Why the Combination of Selenium and Iodine Is Important

The thyroid, this mysterious gland that is shaped like a butterfly and seems to rule almost every function in our body, needs food just like every other organ. We are responsible for providing our thyroids with the right amount of trace minerals, vitamins and nutrients for it to function properly. One of the most important and well-known of these minerals is iodine. But there is another key component to iodine when it comes to supporting the thyroid: selenium.

Selenium is a trace mineral that we might not be aware of or think much about, even if we are familiar with iodine and are even supplementing with it for thyroid health. It is not only the second most important mineral for good thyroid function, but it is also critical to the vitality of many other organs and body systems. While iodine may be supporting our thyroid sufficiently, it ought to be used in combination with selenium for best results.

Why Iodine Does Not Work Well Alone

Even if we are getting adequate amounts of iodine through our diet and any supplements, our thyroids may still be struggling due to a lack of selenium. Iodine deficiency on its own can lead to thyroid problems, such as the fairly common autoimmune disorder, Hashimoto’s thyroiditis. But combined with a selenium deficiency, the thyroid is even less likely to be able to function optimally and may not be able to regulate our bodies and produce hormones in the way that it should.

Selenium and Iodine Together: The Perfect Combination

More than every other organ in the body, the thyroid holds the highest amount of selenium within its walls (by weight). While iodine supports the thyroid by boosting its productivity and generally giving it the food it needs to function properly, selenium protects and nurtures the thyroid, regulating inflammation, nourishing it and helping it to perform its many roles. Together, selenium and iodine are the two most important minerals that thyroids need for ideal function, and if there is a shortage of them, the thyroid may suffer.

Many people are being found to be lacking in selenium, this trace mineral that is so crucial for thyroid well-being. This selenium deficiency can be linked back to many different factors, including lack of nutrition, absorption issues, thyroid diseases themselves and other existing health issues. Some speculate that food that is grown in areas of soil that are selenium deficient leads to a lack of selenium in those who eat these fruits and vegetables.

How Can You Get Selenium Into Your Diet?

While most adults in modern countries are not considered to be at strong risk for selenium deficiency, evidence is showing that diets low in selenium may be more common than we think. Even when you do have sufficient amounts of selenium in your food, you may not be absorbing it fully, and selenium supplementation may still be able to help boost your thyroid function. Selenium can be found in many foods, but the following are especially excellent sources.

  • Brazil nuts – even eating just one or two of these nuts per day may provide adequate selenium levels!

  • Seafood, such as good quality tuna, shrimp, sardines, salmon, scallops, oysters and cod

  • Meat, such as pastured or sustainably raised turkey, chicken, beef, pork, bacon and lamb

  • Cheese

  • Oats

  • Eggs

  • Shiitake or button mushrooms

  • Chia seeds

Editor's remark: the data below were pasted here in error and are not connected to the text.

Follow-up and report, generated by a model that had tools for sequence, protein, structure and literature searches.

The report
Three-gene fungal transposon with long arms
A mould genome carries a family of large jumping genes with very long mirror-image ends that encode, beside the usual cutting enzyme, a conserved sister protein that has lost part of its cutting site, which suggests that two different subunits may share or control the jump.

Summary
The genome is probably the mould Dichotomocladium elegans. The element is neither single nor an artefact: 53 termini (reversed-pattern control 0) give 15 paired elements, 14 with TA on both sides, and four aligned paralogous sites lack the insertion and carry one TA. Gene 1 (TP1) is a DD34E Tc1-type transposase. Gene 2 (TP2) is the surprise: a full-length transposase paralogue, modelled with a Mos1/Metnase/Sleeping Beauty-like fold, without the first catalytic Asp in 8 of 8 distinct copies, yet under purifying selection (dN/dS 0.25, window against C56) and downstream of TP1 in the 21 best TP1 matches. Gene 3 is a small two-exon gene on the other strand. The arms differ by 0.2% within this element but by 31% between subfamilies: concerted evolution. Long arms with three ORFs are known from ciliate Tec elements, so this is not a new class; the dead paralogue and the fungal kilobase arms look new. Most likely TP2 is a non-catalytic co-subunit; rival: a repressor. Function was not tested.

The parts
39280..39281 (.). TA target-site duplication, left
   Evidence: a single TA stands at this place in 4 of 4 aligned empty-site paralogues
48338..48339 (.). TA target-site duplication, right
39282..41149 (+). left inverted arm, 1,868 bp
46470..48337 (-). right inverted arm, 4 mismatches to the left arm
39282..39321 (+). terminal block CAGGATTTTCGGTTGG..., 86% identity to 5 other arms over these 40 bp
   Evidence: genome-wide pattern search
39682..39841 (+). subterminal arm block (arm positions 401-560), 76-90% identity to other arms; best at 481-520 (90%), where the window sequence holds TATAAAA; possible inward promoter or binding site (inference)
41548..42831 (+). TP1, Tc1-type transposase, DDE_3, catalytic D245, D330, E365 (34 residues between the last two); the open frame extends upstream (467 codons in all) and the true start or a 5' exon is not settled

• Dried beans, such as pinto or lima beans

  • Brown rice

  • Seeds, such as flax, sesame and sunflower

  • Green leafy vegetables, such as spinach, broccoli and cabbage

There are so many different foods that contain rich amounts of selenium that it should not be a struggle to get a decent amount into your diet, regardless of whether you are a vegetarian, a vegan, gluten-free, paleo or on any other type of eating regimen. Still, selenium supplementation is also an option just to make sure you are getting enough of this valuable mineral.

How Can You Get Iodine Into Your Diet?

Those who are on diets that are very low in salt, or those who primarily consume salt that has not been iodized, are at the greatest risk for iodine deficiency. Fortunately, it is fairly easy to work adequate amounts of iodine back into your diet and boost your thyroid health this way. Here are some good sources of iodine.

  • Seaweed and other sea vegetables, especially kombu, bladderwrack, wakame and nori

  • Seafood, such as scallops, cod, shrimp, sardines, tuna and salmon

  • Yogurt and milk

  • Eggs

  • Cranberries and strawberries

  • Navy beans

  • Potatoes, especially the skins

Still, many people get the bulk of their iodine through iodized salt, which you can purchase at every grocery store. This type of salt, which has additional iodine added back into it, is a good way to ensure that you are getting adequate amounts of iodine in your diet. Combine it with selenium-rich foods or supplements, and you have a recipe for a healthy, happy thyroid.

1 Response

  1. Overall, a very good article. Sufficient Iodine is critical for thyroid health, and taking selenium with it in combination is important for optimum results. Right on the button here. The problem with iodized salt is that the amount of iodine in this salt is very low. To achieve optimum thyroid function, we need to take in the amount of inorganic iodine that the Japanese take in each day. They get their's from seaweed, a staple, and seafood. The average amount the Japanese consume is about 13 mg per day. That is almost 100 times more than the U.S. RDA of 150 mcg, which is a joke. Trust me, you are not going to get anywhere near that amount from iodized salt. The Japanese happen to be the healthiest folks on the planet, and live the longest, in spite of the fact they SMOKE CIGS big time, and live in polluted air.

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